Polk County news and the Tryon bee. (Tryon, Polk Co., N.C.) 1915-1920, July 26, 1918, Image 7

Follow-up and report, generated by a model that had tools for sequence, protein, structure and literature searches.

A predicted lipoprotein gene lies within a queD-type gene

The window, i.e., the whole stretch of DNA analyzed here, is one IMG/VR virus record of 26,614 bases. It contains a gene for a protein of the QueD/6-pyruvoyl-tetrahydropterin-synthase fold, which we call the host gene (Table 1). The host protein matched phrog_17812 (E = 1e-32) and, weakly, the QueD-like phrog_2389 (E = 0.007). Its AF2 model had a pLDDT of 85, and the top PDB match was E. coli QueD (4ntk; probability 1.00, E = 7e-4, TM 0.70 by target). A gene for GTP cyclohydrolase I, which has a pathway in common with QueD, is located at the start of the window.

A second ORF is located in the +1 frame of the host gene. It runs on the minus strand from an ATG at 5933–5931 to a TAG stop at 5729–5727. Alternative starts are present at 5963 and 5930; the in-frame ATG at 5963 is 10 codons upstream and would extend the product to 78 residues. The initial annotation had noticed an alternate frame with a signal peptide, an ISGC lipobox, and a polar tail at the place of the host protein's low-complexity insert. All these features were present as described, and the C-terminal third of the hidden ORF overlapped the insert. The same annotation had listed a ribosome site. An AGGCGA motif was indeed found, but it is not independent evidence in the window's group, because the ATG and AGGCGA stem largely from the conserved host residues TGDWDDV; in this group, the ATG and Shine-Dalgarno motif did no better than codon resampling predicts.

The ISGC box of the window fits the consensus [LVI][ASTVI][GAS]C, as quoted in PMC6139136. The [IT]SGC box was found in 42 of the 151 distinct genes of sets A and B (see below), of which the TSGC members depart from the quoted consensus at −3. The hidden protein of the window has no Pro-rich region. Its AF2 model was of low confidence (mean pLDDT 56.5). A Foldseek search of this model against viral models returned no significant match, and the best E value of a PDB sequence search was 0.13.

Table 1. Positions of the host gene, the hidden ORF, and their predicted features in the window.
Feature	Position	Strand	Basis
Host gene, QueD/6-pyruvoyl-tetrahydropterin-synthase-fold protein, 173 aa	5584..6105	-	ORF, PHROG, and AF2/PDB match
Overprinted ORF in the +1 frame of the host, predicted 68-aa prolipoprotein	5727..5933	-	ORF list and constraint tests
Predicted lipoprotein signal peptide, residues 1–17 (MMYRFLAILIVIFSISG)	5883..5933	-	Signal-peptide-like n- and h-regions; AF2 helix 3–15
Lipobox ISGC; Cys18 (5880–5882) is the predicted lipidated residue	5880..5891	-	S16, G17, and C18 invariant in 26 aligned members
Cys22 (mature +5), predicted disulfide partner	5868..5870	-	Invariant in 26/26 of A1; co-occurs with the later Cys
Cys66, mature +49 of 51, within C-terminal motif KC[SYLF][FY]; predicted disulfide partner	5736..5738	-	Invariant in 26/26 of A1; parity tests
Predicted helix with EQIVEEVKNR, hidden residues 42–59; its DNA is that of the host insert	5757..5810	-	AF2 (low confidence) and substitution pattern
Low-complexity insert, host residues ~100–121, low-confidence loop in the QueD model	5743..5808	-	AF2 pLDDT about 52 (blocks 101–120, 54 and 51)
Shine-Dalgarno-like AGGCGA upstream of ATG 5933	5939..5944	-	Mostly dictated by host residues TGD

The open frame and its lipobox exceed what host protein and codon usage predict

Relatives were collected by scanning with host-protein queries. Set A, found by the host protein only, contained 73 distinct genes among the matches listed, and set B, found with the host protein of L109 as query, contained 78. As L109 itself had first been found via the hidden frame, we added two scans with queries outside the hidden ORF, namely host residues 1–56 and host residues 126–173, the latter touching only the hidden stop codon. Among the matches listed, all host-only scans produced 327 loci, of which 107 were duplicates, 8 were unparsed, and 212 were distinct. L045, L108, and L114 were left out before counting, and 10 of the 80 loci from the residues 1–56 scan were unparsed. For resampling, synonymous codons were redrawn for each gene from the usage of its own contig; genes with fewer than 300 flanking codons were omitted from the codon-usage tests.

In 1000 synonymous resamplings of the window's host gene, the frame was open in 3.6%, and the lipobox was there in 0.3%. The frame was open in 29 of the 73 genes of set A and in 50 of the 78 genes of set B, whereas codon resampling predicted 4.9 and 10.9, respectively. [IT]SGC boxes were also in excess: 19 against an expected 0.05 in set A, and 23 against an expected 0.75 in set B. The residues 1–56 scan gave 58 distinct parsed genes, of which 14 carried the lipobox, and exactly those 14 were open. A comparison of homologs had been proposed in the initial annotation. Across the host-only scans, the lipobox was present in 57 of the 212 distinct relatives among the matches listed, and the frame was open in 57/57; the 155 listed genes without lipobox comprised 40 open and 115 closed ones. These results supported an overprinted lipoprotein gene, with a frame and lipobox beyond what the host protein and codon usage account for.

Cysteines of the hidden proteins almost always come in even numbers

Cyjy OFJRIOUS BREEDS I . ic Early Matu.ing, and Be, Kand0 2?. , M,ated Is Not Dfftt. nere " 3 cult to Fatten. , bv t10 United States Depart- l.n WCM boys PKPnnt of Agnruiture.j The common classification of breeds Lilt v - lno In Vi o (ran. 1.,1inT to tneir imiv-ca -" -,1 scheim1 oi JJVtheni into three principal classes, king fret 1 hrPPrt thnr nnfflOSC Dn.-eim ready Jind persistent ej re not as Splendid White Wyandotte. producers as the laying breeds; and not as meaty ana as easy to ratten as the meat breeds, yet combine in t ; i 1 -T 1 ,1 Olie lnulMUUHi iuwi verjf guuu iniug capacity with very good table quality. The Leghorn, Minorca, Andalusian, Ancona and Campino are well-known breeds of the laying class ; the Brahma, Porkin? aril Cornish of the meat class; the Plymouth Rock, Wyandotte, Rhode Island' .Red" and Orpington of the gi-ne.ral-i'tirpose class. - The liiT'ls mentioned as of the lay ing class-with the exception of the Minorca, are relatively small, very 'ener;:otie and lively, mature early, and are easily kpt in good laying condi tion. The Minorca Is of larger size and modi lied somewhat in the other particulars mentioned, yet has more the character of the laying class than i of any other. In tho meat breeds, there Is not the same uniformity of type that is found in the laying breeds. The three men tioned differ decidedly. The Brahma is most popular because it is at the same time the largest and the most ragged in constitution. The Dorking excels in o unlit v of meat, but Is een- ' V erally considered somewhat lacking In hardiness. The Cornish Is rather hard-nnated, but, being very short feathered, has its special place as a large nuat-producing fowl In Souther ly sections where the more heavily feathered Rrahina does not stand the summer well. Among the popular breeds of the general-purpose class there are also differences in type, adapting breeds tc different uses. The Plymouth Rock Is generally regarded as the type meet ing the widest range of requirements In the general-purpose class. The Wyandotte Is a little smaller and earlier maturing, but still very well ineated and easy to fatten. The Rhode Island Red has nearly the same standards of weight as thf Wyandotte, but is a more active bird. not putting on fat so readily. Conse quently it approaches the laying type and is popular with those who want eggs and meat but want eggs most. "rpmgton is at the other ex treme in the general-purpose class be- "j a n.avier, meatier fowl than the ymomh Rock. au-n a hst of breeds affords so wide a range 0f choice that poultry keep ers can always select a standard breed ueuei adapted to their locality and their -ir purpose than anv nonstandard ct.i. " t ""' can procure and having jne further advantage of producing io type. DRY LITTER FOR SCRATCHING -p Materia! Is Practically Use- ... ess Clean Out and Renew It at Frequent Intervals. prepared hy the United States Depart mtnt of Agriculture.) ' 'row and similar material gathers 'Oixturo and when the litter become! w,vs,i 0 De nmp it is prac Yy y useieSS for fowlg tQ scratch In fw tht ir Krain feed. Scratching litter In the poultry house Is essential, but fS 1 he cleaned out and renewed "c4entjy Best Pullets to Keep. 0 . 7 me Pullets which mature . v My an(1 start laying first. Those d.J :s!art ,ayinS when less than 200 hJ.i' , " or nearest that age, are the cZ ayers if ey have had the best Nece j iui Lirae riocKS. ,1S pretty generally sin n!?bator and brooder are neces- . "nere large flocks of poultry are : i IN THE MOVIES. i . "Cluck, cluck," said Master White Chicken, MI know-something, I know something. Yes, cluck, cluck, I most certainly know something." "Well, well, cluck, cluck," said Miss White Chicken, "that's very nice in- aeea. xou think you are a mighty fine cnicKen i suppose. You'll strut around as though yon were as big as a rooster, uracious, I do hate to see little so conceited 1" "I'm not a little boy. Tm a chicken, cluck, cluck, and It shows you don't know very much not even to know that" "Of course I know you're a chicken. But you're not a grown-up chicken and you're not a Miss Chicken as I am. Therefore you are a little boy If I wish to call you one 1" "Dear me, dear me," said Master White Chicken, "you are very stub born." "Maybe, cluck, cluck," said Miss White Chicken. "Well, all the same," said Master White Chicken, "I know something." "I don't see any reason for being so proud of yourself because you know something," said Miss Chicken. "I know a number of things, and I don't act as If I were the most wonderful chicken on the whole farm. I know too much for that." "What, pray tell, do you know?" ask ed Master White Chicken. know what is good to eat I know enough to dislike the water. I know my mother and I know the farmer and his children. I know good worms. I know lots of things not just one." "Yes," said Master White Chicken, "you know all those things and perhaps a few more. I know all of those things too. But you don't know anything spe cial you don't know anything magni ficent I Nothing at all. Poor Miss White Chicken.' Well If you know something that is so magnificent, why don't you tell It to me, instead of bragging and boasting and telling me I don't know anything! That's no way to do ! Tell me ! Cluck, cluck. Tell me what you know that' Is so wonderful and fine." MI will 'said Master White Chicken. "Do you remember a while ego when some men came here to talk to the farmer and with them they brought queer looking black Instruments?" 4T remember," said Miss White Chicken. "What of It? They didn't do anything to us they didn't even give us any food." "Food, food," said Master White Chicken, turning up his little beak as With a Very Haughty Expression. best he could, with a very haughty ex pression, "can't you think of anything else but food, food. Cluck, cluck, it is too dreadful." "Well, If I'm wrong, explain to me," said Miss White Chicken. "Those men had cameras and with cameras they take pictures," said Mas ter White Chicken. "But those men took special plctures the kind they call moving pictures children speak of them as the movies. They took photographs of us and now they're showing them all over the country. They're throwing these pictures on screens and people sit in rows and rows of seats and gaze up on a stage at something like a big white sheet upon which pre the pictures of us as we move about. The pictures actually move and they're of us '. Now isn't that something to know?" "It Is," said Miss White Chicken, in a hushed and proud voice. They show a model, perfect farm which Is the one upon which wo live and they show how chickens should be treated as we're treatedand how handsome we are ! There are different scenes about us. We walk up through the yard from all the hen coops and we are seen eating and strolling about." "Oh," said Miss White Chicken, "that is wonderful ! I've always longed to be in the mo les. They say that so many great ladles are in the movies and that they g.-t so rich ana so ram QUS.". "Now. now. Miss White Chicken, a step at a time;' said Master White Chicken. "You're not a lady, but a Miss Chicken, but you have acted for the movies and so you're famous; we all are. And we're rich as we live on n model, nerfect farm !" And there was great rejoicing when all the hens, roosters nad chickens heard the good news I Wasted Energy. Aunt Emllle Alan, isn't that your mother calling you? Small Alan-Yes, ma'am. Aunt Emllle Then why don't you answer her? . -Small Alan What's the uset Pa iln't home. IrffP Where Last Eg Mseds West I 'TI3L VT-ilkJm -If View of Saloniki Harbor. ALONIKI is one of those extraor dinary spots where East meets West, where man's latest Inven tions are seen side by side with the simple implements of centuries ago, a land of many people and quaint customs. War has brought Saloniki Into the limelight, and In years to come many of those who soldiered there will feel that they have added a strange experience to their lives. It has al ways been the fashion to criticize mil itary administration; still, however slow war office machinery may be, It usually gets you somewhere In the end. It may not, of course, be the place you particularly wanted ; but you get there just the same and make the best of It, write a British officer In the Christian Dcieuce Aionitor. l never mougni oi going to Saloniki, but one fine morning orders came for my dispatch, and In due course to the Orient I came. Of the country I was bound for I knew little or nothing. It was a part of the Levant, most of the European powers had a post office there, and I had heard something of the wily Le vantine and his ways, that was all. I was quickly to absorb a good deal more Information, for the moment you land in Saloniki It thrusts Itself upon you with a joyous shout and many smells. Pearl of th Orient. It was midday when we entered the harbor, perhaps one of the finest in the world, and, taking Into account Its I natural possibilities, little wonder that Saloniki is the Pearl of the Orient The first Impression Is good, nothing could : be finer or more picturesque than the general appearance of the town. Countless minarets rise above the houses, and an occasional group of tall, stately poplars give the neces sary tone of green to relieve the white mass of buildings. The town slopes up from the sea front, the old citadel in the Turkish quarter behind making a good background and helping to re mind one that this, until recently, was a part or the Ottoman empire. Be hind the town again stretch the seem ingly endless ranges of hills, tier on tier, devoid of trees and with signs of habitation few and far between. The harbor itself Is a fine picture and affords an excellent setting to the whole panoramic effect. Few types of craft are not represented there, from the modern battleship flying the tri color of France, to the quaint, gaudily painted vessel, rigged with a single tri angular shaped sail, high out of the water at the prow and stern, a relic of the days when the hardy Phoenician mariner made Saloniki his port of call There are British, American, Italian and Russian traders lying side by side, and a little way out a white hospital ship, which, In more peaceful times, flew the house flag of the Union Castle line. Picture all this under a tur quoise sky, and the result is not un pleasing. The military landing officer: Is soon on board and after a few words with the O. C. troops, we commence the dls embarkation ceremony. Yes, the best Impression of Saloniki Is to be had from the deck of a transport and for choice the boat should be outward bound. Groups Talk on Street. As we land we get a closer and bet ter view of the nearest buildings and the strange crowds of people. At Salo niki the quayside belongs to every body; just as the boats of all nations come to anchor In her harbor, so do men of every race, caste and station come to rest on the waterside. Along the front are shops of all kinds, one or two of the chief hotels, and the conti nental style of cafe is present in force. The shops are mostly of the' open kind ; that Is, you are expected to do business through an open window A Fetching Colored Leghorn Hat A fetching cream-colored Leghorn hat with a crown of black oilcloth was imitation quill trimmed solely with an of black oilcloth. A trimming like this could be easily Imitated by a clever home milliner. Black oilcloth adapts Itself to almost the same ef fects that the varnished and glazed ribbons known as cire ribbons do. Artificial Silk. Undergarments and sport are made of artificial silk. blouses S while you stand on the pavement. You will, of course, be In the war jof all pe destrians, especially as thttre will be sure to be one or two Interested spec tators of your deal; but then, to stop the traffic, either on the Ring's high way or on the sidewalk, b quite per missible In Saloniki. ' ? Two friends meet In the Street, they stop, exchange salutations, ! an ani mated conversation ensues They take up a great deal. of room;j but every one respects the unwritten law of the Orient and our two worthies continue their discourse, heedless ctf time and place, as only your true (frlental can be. This sort of thing woud;be entire ly out of place In a western laud. Should we attempt It, ourjj fellow men would resent It, and we should become exceedingly unpopular. this may seem rather a small matet; to dwell upon; but It Is really onefol those pe culiarities which make a great Impres sion on the new arrival. in course of time we grow accustome fto It, and usually find ourselves respecting the law of the East. j As we pass from the landing stage on our road to the base I damps it Is borne home to us that th inhabitants j are of many and varied faces, and if iunner prooi were wanuEjg;tne ciamor of many tongues would it; once con firm It. Bearded, sun-tanned fishermen, fine fellows, who would itdd luster to any stage production fj "Slnbad,' spruce, well-dressed cleic? and mer chants and hosts of ragged, nonde script rascals mingle together on all sides. Turkish women vijith yashmak A and quaint trouserings, fall complete, move side by side with -Greek ladies, arrayed in the very latest vogue, and heedless of the passing fMong strides a tall Greek priest, umb'tela in hand, with his flowing black robes and his ample locks crowned .bf the quaint headdress of his creed hat unlike an inverted tall hat J Crowds of soldiers of course are there, khaki-clad . English jj and Serbs, Frenchmen, prominent jnlj their new blue uniforms, sage-coatelj Italians and Russians In their tightly 'bblted blouse tunics. Add to all this jmjotley crowd swarms of partially 4ajd children, whose never ceasing oy" Is "penny, Johnny," and you haveGspme Idea of what a Saloniki crowd is like. Include the noise, smell and Indescribable dirt and you have Saloniki complete Familiar Traffic !,Officer. The roadway Is packVtjjwlth traffic, too. Slow moving bulRicjs carts hold up the flying motor lorsles and the horse and mule transport jj of the allies comes and goes In1 never-ending stream. Leaving the firjgjlsh quay, we come to a large open space, the junc tion of four of the principal thorough fares, and here the pres is worse than ever. This is, Piccadilly circus, for wherever the English soldier goes he dearly loves to christen places after familiar spots in the h1me country. It may be a communication trench or It may be a road or streetc It is all one to him and a name it has. In the middle of all this Is a tall kha'dfclad military policeman. With a wifve of his arm he holds up the stream' of traffic to al low our column to .B.ass. There Is something very familiar in that majes tic action, it Is done so. Viaturally, there Is no shadow of doubt In his expres sion as to the signal being instantly obeyed. Our soldier policeman Is in his element, his presenf; lob Is not new, it Is child's play for hijaj this handling of a few lorries and ajjswarm of noisy Orientals after the traffic in Piccadilly over the sea or it jtaiy have been the Marble arch forj his name and number wlil be.foune fn the roll of honor of the London police, force. He has done a bit of soldiering since he left England and now'bie is once again the guardian of the ptfbUc a power to b reckoned with. Wipe Sink WCth Paper. Use paper to wipe $ut your sink and ! spider before washing it. It prevents patches of grease get'ng into the pips whlrh mnkps so nsicn iroume. ;.i glass stoppers stick, try! greasing them. : Trimming Surmnr Frocks. Tucks are the nrsj xiioice in trim ming for the light summer frocks. Hlgh-Heelell Shoes. , There are as manyhigh-heeled shoe worn as there are lcvones. Ike mam GBIC When we look Into the long avenue of the future an see the good t nere Is for each of us to do, we realize after all what a beautiful thing it is to work and to live and be happy. Stevenson. MEALS FOR THE DAY. In these days of conservation of wheat, the breakfast helps one meal to pass with little com ment or a great deal of planning. We have any number of breakfast foods that will supply a fair meal with top milk. A good dish of well cooked oatmeal with top milk or thin cream will be all the children will care for. The older members of the family will prob ably like muffins or griddle cakes with a cupful of coffee. Most delicious, fluffy corn flour cakes can be made by using one beaten egg, a half-tea-spoonful of salt,-a cupful of sour milk ; the richer the better, and a half-tea-spoonful of soda ; stir in enough corn flour to make it of the consistency liked for cakes. The thinner they will cook and turn well the more delicate is the texture of the cake. Serve these with maple sirup or corn sirup and the family will ask for them again and again. Fried cornmeal mush is another good and substantial breakfast dish "which will stay by" until another meal. Bits of meat, chopped dried fruit like dates and figs or nuts are all good to add to it and increase the food value of the dish. Vegetables, because of their bulk, are most necessary and should form a large part of the food of the entire family after it is out of themilk stage. Vegetables are rich in mineral salts and vegetable acids as well as-, the wonderful and little known, growth determinants. "An onion a day keeps the doctor away." If the women who are an ounce overweight would cut out one meal a day or eat very lightly at luncheon and not gormandize at dinner, they would feel better, be hap pier and able to accomplish ! more work and at the same time be: doing something to help win the war by con serving food. Children should. not be stinted, as they need food for growth; but the average man or woman; might easily cut down the food from one quarter to a half and gain In physical as well as mental power by so doing. It is not well to Serve cornmeal at noon or -night if it has been served in any form at breakfast, unless the fam ily is especially fond of it. Cottage Cheese Club Sandwich. Toast three slices of bread on one side, butter and cut In halves diagonally; spread thickly on the untoasted side with cottage cheese; add water cress, salad dressing, and the other half of toast. Garnish with cresV or parsley. For a hot night nothing is so good as a slice or two of cucumber with a good salad dressing used as a sand wich filling. Oh! man Is ne'er contented with his lot, the saes say; ! In summer's heat we long for March, in winter time for May. ; COOKING IN CAMP. For the housewife dependent upon her modern equipment to aid in mak ing housework a pleasure, the sim pie outfit' of the real camper would find her helpless We need to get away from all the conveniences that make life enjoy able to really ap preciate our blessings, while the nov elty for the time being of going with out and using our own ingenuity, is a source of pleasure. The camp cook who can j produce a good meal with the background of a hunk of bacon, a frying pan and a sack of meal, is worth further ac quaintance. He builds his fire, mak ing a stove of stones, on which he places his frying pan ; then with a little salt pork or bacon soon sizzling in it he lays in his fresbly caught fish all rolled in seasoned meal, and a crisp, delicious hit satisfies the appetite of a hungry camper. Fish, fresh from the ruining brook, broiled before a fire while held by two sticks, will give the uninitiated the taste of a savory dish which civiliza tion never can produce. The delicious mushrooms growing in such abundance in the woods and fields will make a full meal when well, prepared. One must have enough knowledge to distinguish the good from the poisonous varieties. There is an endless variety of good foods which may be prepared in the woods. A fowl or- wild game of any kind, dressed and covered with a paste of barley flour and water to keep in the juices nnd flavors, may be buried in hot ashes and roasted to toothsome de liciousness. Remove the paste, and any ashes clinging to it will come off with It. The seasoning, of course, must all be done before it goes into the ashes. If one is not able to go for an out ing, unhampered with weight and ready to enjoy even the discomforts of simple foods prepared in the open, he would better stay atlioaie, for such are not agreeable companions. The broad est, most helpful people are they who never lose the childlike enjoyment of simple pleasures. vrdJL Tvu. MORE HORSES NOW ON FARES Increase In Number of Animals withstanding Large Use of Motor Vehicles. (Prepared by the United States ment or agriculture.) Substitutions for the horse have far failed to diminish his number farms, where he is mostly bred. railroad did not verify the comBoa prophecy of the house's gloomy future nearly a century ago, and many yean elapsed before the heyday of the cycle arrived with its expected menace to the horse. That machine of pie ure and toll diverted attention the first real antagonist of the horse, thn electric street railway, and this was a formidable one. Street-car serv ice could not have been developed fey horses to the extent that It has beea carried by electricity, yet there was am enormous displacement of horses when they no longer jiUlled street cars. It is roughly estimated that 2,000,000 horses would be required to move the street cars now in city service, and that farmers would need to keep m stock of perhaps 3,000,000 horses to produce this supply. Yet, horses kept on increasing. Apparently the most effective foe tf the horse has appeared in the last tea years in the motor vehicle, although its importance in this respect is pop ularly exaggerated. According to sta tistics collected by the United States department of agriculture, the total state registrations of motor cars woe 48,000 in 1906, about 500,000 la 13MI over 1,000,000 in 1012, over ,400,000 is 1915 and 3,512,996 in 1916. Automobiles do; not merely displace horses but many! are used by men is occupations dependent on either horses or automobiles for personal movement, such as real estate agents, buildont and some merchants and manufactu rers, and there Is also the large public automobile passenger service in cities and, again, the large number of auto mobiles owned by farmers In place of driving horses. ' With motor trucks and commercial vehicles the case is different Here Is clearly a complete substitution of fuel power for horse power. It is the opin ion that every motor truck on the av erage displaces three horses. The stale records often merge the reglstraiiom of motor trucks and commercial re hicles with that of automobiles, but to the extent that the separation ts made, it is known that 118,682 of the former were registered in, 1916. Prob ably the displacement of horses by mo tor trucks andg commercial vehicles American-Bred Percheron Mare, the Type That Is Always in Demand. represents a stock on farms of a few million horses, and to these most be added the stock eliminated by the au tomobile. Last of all, the farm tractor has ap peared, with conjectural possibilities, but as yet with no .perceptible dis placement of horses. Unusual and large demands far horses for war purposes have bees, made since the autumn of 1914. Dhp ing the ten years preceding, from 13r 000 to 40,000 horses were exported nually, while the Imports were 5,000 to 33,000, so that the net exports were no appreciable draft on domes tic production. In the first year of the war 289,340 horses were exported, la the second 357,553, and in the third 278,674 horses, and within less than a year the needs of the army of this country have called for i large number of horses. Notwithstanding the various forces that have been working against fa crease of horses at their breeding places, or rather, in common expects. tlon, to reduce their numbers at a strong ra,te, the fact is that horses a farms Increased at the average yearfj rate of 183,000 since 1900 and mora than that since 1910, or 216,000 per year. Per capita c the popnflatinm, farm horses tended to Increase roaa 0.19 of 1 horse In 1850 to 0.24 inl and 1900, after which the deellae las been to 0.20 in 191S. or saBl-Abore 1850. At the same tivie, ln&msever, tj means of machinery the farm hone has constantly gained as a producer. Strange though it mity seem, die av erage price of a hora st fhe fans, all ages and conditions included, is less than it was four years argo, and even eight years ago; Since 1S3T horse prices at the fawn for January 1 had risen from $3L5x to $11L48 by 1911, the highest average to the de partment of agriculture's record of 3 years, but a decline followed to$lCLQ In 1916 and then a gal to $10123 Is. 1918. apparently caused by the ! i - ..' "' ii "